I mentioned Saturday that Anna Mercury by Warren Ellis is a comic book that’s frustrating because I want more of it. Upon reflection, I decided there’s really more to say about it, so here we are. It’s one volume that’s mostly setup for a larger series that never appeared, so I can’t recommend it for sheer pleasure reading or longterm investment, but it is at least a whole story, so you won’t be too upset if you do decide to read it. There are some interesting concepts going on and some beautiful pinup covers, so you might well decide to do that.
None of the summaries really describe the book well, but here you go:
A high-kicking, gun-blazing, sexy secret agent has one hour to save the city of New Ataraxia from an unseen menace from another reality. Dancing amid the spires of a city called New Ataraxia, there is a woman who can cloud men’s minds, leap across buildings as if weightless, unerringly fire twin automatic pistols in the most insane conditions, and disappear in a crowded room. She fights against the political repression of an insane technocratic society, comes from a place that no one in New Ataraxia has ever heard of… and has only one hour to save the city from itself! A high-octane blend of The Shadow, Tomb Raider, retro-punk science fiction, and 21st century Weird Pulp Action, Warren Ellis’ ANNA MERCURY is a headlong adventure serial about a beautiful and mysterious spy-adventurer who is not what she seems.
Avatar originally published Anna Mercury in 2008, about ten years after Stormwatch and The Authority, but it reminded me a lot of that. (Some reviewers have called it “Warren Ellis on autopilot,” but I’m not sure that’s relevant for my purposes. I love The Authority, and I’m interested in this different take on the Carrier or whatever Stormwatch’s base was called, Wikipedia wouldn’t tell me immediately and I gave up looking. Anna works for an apparently-British government agency that oversees nine alternate Earths, surrounding ours but in different dimensions. (Her boss makes reference to “imaginary worlds” at one point, so for a few minutes I expected something Unwritten-esque, but he turns out to just mean parallel dimensions.)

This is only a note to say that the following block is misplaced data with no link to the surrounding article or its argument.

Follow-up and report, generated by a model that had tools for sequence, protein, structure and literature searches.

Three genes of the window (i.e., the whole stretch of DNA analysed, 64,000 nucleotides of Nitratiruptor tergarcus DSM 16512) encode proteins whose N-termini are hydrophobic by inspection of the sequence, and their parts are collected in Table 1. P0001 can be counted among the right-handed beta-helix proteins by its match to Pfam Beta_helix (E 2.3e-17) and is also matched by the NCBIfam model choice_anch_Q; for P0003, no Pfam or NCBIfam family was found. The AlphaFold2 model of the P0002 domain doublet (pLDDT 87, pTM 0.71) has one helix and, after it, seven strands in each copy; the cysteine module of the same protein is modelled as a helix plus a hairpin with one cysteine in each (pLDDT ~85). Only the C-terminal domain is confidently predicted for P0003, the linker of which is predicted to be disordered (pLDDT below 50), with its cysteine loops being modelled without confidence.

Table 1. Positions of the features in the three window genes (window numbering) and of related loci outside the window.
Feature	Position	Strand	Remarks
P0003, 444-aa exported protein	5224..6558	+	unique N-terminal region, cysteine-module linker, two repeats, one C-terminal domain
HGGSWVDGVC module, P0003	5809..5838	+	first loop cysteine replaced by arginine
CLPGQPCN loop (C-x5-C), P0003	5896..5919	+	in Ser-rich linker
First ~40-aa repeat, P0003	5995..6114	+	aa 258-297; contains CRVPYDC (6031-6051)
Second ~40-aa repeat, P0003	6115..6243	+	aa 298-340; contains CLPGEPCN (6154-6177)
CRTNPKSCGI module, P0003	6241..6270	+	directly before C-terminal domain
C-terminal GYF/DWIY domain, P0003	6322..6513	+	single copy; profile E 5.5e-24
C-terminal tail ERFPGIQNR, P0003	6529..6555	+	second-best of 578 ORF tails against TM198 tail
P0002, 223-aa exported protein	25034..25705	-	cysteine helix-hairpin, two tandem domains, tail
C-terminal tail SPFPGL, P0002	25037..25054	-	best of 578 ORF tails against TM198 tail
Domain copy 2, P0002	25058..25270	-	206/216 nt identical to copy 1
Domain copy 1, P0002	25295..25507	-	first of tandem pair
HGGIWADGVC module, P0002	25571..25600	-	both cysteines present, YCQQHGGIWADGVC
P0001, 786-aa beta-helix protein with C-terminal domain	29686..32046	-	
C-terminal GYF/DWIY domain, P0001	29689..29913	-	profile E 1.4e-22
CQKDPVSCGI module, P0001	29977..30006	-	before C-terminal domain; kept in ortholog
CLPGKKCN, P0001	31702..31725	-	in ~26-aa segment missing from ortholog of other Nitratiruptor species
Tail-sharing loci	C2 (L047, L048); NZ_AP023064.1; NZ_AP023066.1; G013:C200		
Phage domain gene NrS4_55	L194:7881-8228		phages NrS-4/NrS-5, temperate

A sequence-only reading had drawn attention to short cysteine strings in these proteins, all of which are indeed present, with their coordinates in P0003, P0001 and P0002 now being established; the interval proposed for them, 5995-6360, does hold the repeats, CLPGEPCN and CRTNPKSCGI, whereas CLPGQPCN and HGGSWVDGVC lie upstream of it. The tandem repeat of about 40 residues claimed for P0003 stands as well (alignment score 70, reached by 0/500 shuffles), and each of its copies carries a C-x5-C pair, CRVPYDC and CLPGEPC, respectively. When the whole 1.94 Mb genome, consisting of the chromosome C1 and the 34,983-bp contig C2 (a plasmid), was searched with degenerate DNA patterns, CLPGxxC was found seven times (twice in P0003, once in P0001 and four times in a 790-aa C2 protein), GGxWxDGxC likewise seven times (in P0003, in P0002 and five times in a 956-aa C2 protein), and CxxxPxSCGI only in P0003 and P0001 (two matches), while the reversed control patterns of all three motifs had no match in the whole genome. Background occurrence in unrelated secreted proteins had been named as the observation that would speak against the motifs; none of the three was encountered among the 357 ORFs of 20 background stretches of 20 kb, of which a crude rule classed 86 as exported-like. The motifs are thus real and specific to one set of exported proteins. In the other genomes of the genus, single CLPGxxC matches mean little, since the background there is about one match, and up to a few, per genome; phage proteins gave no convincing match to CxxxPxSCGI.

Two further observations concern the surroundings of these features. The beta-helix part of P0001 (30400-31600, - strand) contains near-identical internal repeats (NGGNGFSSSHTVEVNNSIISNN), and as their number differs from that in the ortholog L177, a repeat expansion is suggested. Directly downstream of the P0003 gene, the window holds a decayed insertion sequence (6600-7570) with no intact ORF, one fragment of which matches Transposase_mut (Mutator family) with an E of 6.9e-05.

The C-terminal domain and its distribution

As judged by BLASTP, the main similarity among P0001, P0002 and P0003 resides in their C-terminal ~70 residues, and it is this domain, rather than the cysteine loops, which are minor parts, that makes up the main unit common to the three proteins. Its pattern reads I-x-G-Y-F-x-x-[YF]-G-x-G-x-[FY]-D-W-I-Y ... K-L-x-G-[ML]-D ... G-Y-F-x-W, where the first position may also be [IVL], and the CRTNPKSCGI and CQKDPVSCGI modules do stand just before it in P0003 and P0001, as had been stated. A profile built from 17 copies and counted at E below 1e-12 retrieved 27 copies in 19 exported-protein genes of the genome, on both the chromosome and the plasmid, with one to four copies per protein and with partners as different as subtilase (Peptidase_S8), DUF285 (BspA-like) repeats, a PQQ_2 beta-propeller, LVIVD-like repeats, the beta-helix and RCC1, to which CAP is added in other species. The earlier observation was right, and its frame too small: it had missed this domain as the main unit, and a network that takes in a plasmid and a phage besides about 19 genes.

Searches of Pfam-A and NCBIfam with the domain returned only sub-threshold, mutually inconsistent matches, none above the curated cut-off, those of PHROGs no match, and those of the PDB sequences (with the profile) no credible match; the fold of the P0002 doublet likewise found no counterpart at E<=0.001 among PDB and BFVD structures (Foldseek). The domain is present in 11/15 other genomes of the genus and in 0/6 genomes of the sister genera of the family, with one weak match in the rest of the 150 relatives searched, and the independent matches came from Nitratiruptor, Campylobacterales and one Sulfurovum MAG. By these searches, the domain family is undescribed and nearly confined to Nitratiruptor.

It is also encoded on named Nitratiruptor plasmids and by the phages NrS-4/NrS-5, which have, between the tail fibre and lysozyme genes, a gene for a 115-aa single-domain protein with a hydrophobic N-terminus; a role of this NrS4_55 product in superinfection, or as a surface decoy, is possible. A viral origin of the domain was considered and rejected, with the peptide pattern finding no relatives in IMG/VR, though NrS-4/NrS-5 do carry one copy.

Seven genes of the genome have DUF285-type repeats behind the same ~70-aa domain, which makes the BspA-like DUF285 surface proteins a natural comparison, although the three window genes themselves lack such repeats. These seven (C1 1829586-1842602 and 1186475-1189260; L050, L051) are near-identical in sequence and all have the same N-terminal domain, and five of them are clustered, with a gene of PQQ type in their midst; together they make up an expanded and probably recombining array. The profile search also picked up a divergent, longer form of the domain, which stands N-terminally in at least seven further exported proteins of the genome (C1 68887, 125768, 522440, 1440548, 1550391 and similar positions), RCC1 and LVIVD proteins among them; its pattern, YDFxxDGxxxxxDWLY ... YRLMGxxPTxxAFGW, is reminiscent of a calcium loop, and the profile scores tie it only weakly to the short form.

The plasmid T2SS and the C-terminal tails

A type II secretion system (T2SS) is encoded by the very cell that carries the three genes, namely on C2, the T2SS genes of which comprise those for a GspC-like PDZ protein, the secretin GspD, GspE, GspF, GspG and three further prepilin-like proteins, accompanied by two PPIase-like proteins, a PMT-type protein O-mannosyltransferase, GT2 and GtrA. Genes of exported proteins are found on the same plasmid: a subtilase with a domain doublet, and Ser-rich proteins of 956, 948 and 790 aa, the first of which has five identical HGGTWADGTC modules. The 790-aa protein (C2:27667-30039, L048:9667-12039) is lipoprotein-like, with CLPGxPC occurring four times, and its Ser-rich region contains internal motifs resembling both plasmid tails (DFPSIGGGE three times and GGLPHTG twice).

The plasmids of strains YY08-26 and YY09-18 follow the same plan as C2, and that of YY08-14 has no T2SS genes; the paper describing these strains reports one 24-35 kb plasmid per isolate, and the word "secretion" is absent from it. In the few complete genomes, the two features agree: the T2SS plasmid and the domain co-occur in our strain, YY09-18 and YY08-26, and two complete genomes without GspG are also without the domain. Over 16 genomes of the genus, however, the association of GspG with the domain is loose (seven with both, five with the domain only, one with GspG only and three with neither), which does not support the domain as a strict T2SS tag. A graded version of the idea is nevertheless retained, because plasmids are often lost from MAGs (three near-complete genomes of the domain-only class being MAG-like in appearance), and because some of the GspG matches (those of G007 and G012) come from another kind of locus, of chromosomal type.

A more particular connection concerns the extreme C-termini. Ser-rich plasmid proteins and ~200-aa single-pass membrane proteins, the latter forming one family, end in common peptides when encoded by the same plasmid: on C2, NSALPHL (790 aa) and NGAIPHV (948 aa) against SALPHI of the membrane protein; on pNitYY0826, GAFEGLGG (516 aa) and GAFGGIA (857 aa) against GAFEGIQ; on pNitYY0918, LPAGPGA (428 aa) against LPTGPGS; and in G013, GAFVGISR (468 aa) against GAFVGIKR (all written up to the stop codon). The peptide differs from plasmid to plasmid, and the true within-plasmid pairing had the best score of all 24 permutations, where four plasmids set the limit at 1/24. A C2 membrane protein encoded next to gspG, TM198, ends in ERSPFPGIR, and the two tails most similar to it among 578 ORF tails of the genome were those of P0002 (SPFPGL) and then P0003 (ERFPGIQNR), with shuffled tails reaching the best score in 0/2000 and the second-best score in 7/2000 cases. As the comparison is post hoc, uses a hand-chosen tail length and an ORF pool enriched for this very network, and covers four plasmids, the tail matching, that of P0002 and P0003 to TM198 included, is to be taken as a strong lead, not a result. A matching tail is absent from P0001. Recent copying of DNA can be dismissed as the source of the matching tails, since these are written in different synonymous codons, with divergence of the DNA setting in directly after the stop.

The agency can send agents like Anna to the other Earths, but only for a limited time. The energy it takes to do that can also be used to give her some limited powers, like mind-control and acrobatics, but the more energy she uses for those things, the less she has left to get back and the more dangerous it is, which adds an interesting ticking-clock to the usual hijinx but also makes her “powers” more of a tool, so she feels more like a secret agent than a superhero. That has implications for her as a character, too, when she has those powers in the alternate worlds but not at home.
The Earths have some degree of parallel development. We only see one in this story, but it has a very Classic-Doctor Who “Genesis of the Daleks” kind of vibe to me. In 1943, American battleship randomly appeared on the street in a city called New Ataraxia. They’ve built their religion and culture around that revelation. The city across the bridge, Sheol, didn’t see anything and doesn’t believe, and it’s escalated until New Ataraxia is willing to just exterminate Sheol. Anna is trying to stop that from happening, because the agency feels a degree of responsibility for the situation. Other than that, we don’t get much information about why the ship appeared or what happened, and we know nothing about the other Earths. So, there’s potentially a very interesting set of interconnections between a group of similar worlds… although we don’t get to see what they might be or how closely the Earths are related.
The final thing we need to talk about here is whether or not this is pure exploitation. The cover I have, and the one I put up there at the top, has a more retro-scifi feel, but other covers (by Juan Jose Ryp or Felipe Massafera) and a lot of the interior art pieces (by Facundo Percio) are more sexual. The whole vibe of the character is a pulpy James Bond/Lara Croft mix but in the Matrix. Reviewers actually refer to Anna as a “dominatrix,” which I assume is just coming from her clothes, there’s no reference to that in the book. Honestly, sexualized exploitation art isn’t really Ellis’s thing in any of the books I’ve read from him. Anna Mercury has the art style, but it doesn’t really have the objectification or sexualization, there’s no sexual tension with anyone in the story and while I thought her poses were sometimes over the top, it’s just not the same as other books I’ve read where the women were just there to pose. (Remember that New52 Starfire that was so awful? I remember.) So, I don’t mind saying how beautiful I find the art to be, especially the variant(?) covers at the end, and I believe this could’ve been headed toward a statement or exploration of the trope. Her hair is a wig, but I don’t understand the explanation:
Does she mean that she wants to look unbelievable on the other Earth? Or that she doesn’t think she looks impressive/believable enough as herself? I mean, I’d be scared of her arms no matter what her hair looked like. So I’m just not sure what that statement was supposed to mean.
There were a few more single issues released after the arc reprinted here, and I may actually track them down to read them. I’d really like to know more.